Last edited by Steze; 02-26-2012 at 01:04 PM.

  11. #60

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    The idea that you can import the audio files into a good sequence application is appealing but I have not found that it works as far as retuning. I have Logic Pro 9 and run backing tracks and play along tracks to performance standards.

    When I play guitar with the newly purchased Realbook play along imported audio files and use Pitch Correction to retune i get occasional digitalized warbles that ruin the track. It seems like a chart like:
    Autumn Leaves/ guitar needs to be tuned 7 cents up.
    Bright Size Life/ guitar needs to be tuned +15 cents
    Etc.
    ...is needed for this series of Trio accompanied Realbook tunes.

    Unless someone has a steps like answer.

  12. #61

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    Quote Originally Posted by Steze
    On a related note, what's the difference between the "Real Book" and the "New Real Book"? Is the "New Real Book" an update from the publishers of the "Real Book?" They have a completely different cover and when I was taking jazz guitar lessons my teacher told me to get the "regular" Real Book because the chord progressions are simpler. He said the New Real Books are good, but he wanted to pencil in the subs himself, so I could see the basic chords compared to the subs, whereas the New Real Book already has way more substitutions presented. When people say they use the "Real Book" do they mean either version?
    Most folks mean the Hal Leonard Real Book, which is the most similar to the old illegal RealBook.

    Both are worth having....the new Real Book has better charts--meaning you have to play with them less to get things "right"--but any fake book chart is a suggestion, not an ultimatum.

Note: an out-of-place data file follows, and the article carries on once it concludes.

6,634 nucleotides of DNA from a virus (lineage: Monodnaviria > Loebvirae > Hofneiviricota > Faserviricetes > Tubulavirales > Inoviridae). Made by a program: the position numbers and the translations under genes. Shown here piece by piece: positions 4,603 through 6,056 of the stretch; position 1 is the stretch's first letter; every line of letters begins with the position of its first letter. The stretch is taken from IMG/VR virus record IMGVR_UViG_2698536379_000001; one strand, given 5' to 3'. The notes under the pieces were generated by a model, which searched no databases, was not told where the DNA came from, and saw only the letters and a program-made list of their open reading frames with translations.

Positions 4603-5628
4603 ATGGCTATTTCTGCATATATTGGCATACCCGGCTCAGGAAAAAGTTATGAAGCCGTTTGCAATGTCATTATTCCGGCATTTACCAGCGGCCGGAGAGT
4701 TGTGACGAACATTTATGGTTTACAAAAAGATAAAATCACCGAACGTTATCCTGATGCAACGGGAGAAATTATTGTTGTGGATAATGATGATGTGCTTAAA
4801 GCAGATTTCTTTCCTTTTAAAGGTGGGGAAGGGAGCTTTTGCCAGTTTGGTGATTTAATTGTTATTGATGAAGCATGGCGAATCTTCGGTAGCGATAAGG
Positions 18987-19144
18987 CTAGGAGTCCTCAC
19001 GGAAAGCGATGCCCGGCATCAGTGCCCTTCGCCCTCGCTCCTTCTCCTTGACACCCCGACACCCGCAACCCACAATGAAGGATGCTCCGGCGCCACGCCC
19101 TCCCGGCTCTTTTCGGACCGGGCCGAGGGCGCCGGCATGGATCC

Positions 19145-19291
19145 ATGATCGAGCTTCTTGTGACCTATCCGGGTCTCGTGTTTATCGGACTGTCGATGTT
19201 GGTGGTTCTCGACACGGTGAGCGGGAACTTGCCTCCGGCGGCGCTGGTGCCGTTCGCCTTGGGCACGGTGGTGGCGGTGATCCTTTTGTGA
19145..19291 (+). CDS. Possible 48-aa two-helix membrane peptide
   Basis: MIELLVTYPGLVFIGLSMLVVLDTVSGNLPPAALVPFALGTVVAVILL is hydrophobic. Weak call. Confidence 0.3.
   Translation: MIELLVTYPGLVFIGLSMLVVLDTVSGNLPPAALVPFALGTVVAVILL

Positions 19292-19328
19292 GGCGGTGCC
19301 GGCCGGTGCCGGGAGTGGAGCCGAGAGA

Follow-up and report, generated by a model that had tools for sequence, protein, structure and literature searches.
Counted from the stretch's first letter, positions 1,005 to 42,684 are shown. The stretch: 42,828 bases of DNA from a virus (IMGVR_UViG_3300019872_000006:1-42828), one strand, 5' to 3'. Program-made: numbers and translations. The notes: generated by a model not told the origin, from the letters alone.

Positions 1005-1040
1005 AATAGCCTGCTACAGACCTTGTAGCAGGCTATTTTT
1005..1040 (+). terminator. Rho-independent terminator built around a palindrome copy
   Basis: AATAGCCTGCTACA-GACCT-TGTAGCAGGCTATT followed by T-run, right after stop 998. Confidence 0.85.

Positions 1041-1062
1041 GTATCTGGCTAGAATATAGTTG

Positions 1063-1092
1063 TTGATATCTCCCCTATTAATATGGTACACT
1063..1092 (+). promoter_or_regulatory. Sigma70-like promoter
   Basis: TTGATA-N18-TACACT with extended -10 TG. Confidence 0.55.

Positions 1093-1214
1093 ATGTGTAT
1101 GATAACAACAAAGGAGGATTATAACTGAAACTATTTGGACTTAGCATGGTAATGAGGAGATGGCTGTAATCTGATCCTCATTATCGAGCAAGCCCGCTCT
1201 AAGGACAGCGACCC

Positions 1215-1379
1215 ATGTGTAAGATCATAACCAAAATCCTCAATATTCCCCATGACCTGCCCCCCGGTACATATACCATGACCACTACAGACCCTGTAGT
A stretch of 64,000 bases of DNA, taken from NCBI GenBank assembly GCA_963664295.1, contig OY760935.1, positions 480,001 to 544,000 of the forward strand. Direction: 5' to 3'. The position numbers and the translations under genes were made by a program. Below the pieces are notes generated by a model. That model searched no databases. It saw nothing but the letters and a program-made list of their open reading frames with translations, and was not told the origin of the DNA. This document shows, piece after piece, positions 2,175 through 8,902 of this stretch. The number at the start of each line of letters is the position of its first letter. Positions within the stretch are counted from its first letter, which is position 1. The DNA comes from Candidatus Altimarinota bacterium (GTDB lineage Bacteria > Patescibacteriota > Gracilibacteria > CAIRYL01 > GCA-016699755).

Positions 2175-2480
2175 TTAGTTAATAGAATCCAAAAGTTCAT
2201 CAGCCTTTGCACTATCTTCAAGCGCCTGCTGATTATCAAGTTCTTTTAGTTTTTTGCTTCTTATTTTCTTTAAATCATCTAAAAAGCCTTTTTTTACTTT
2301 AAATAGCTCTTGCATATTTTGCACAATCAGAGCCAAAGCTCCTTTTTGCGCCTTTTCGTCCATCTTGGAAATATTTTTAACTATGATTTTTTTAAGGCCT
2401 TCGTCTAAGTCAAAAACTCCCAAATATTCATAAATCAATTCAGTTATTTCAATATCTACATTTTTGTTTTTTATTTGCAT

The Hal Leonard Real Book has more common jazz jam session tunes.

  13. #62

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    Quote Originally Posted by Nighthawks
    It seems like a chart like:
    • Autumn Leaves/ guitar needs to be tuned 7 cents up.
    • Bright Size Life/ guitar needs to be tuned +15 cents


    ....is needed for this series of Trio accompanied Realbook tunes.

    Unless someone has a steps like answer.

    If the CDs need a chart or document to follow so that a guitar can be tuned to them (and thus play in tune with the tracks), it seems to me you have a faulty product and you should ask for a refund. What are the poor piano players going to do when playing Bright Size Life, followed by Autumn Leaves?

    Do you have problems with other jam tracks, or only with these?

    kj

  14. #63

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    Most backing tracks that I own do not have this problem. I even have Hal Leonard CD plus book collections, like Bill Evans Originals, with split track arrangements that give a Bb to tune to.
    This RealBook Trio collection is a different sort of problem because there are alot of tunes and if they used different pianos to record this series, then the collection is bound to be out of tune with itself. The playing is good. The fidelity is mono and above average. As a guitarist, I'd love to just get a series like this that was split track to where you could mute the piano and just hear the standup bass and drums. I played alot with it today and will pick and choose the best. Chelsea Bridge was in tune and had a good feel. It was easily worth the money and if nothing else good for the woodshed.

  15. #64

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    Another good example would be that some pieces as presented in the real book are based on specific versions. The commonly accepted version of Stella by Starlight for instance is mostly based on a version of Miles Davis I believe. Anyway, the presumably "original" changes are a lot less "dramatic" if you will. Les half-diminished chords etc. If you want to know what I mean, listen to the Parker with strings version and you will find a totally different version of the harmony. That may have been the original! Maybe not, who knows. But it's a good example of possible origins of this "right"/"Wrong" battle. My teacher showed me this and I thought it was an awesome perspective.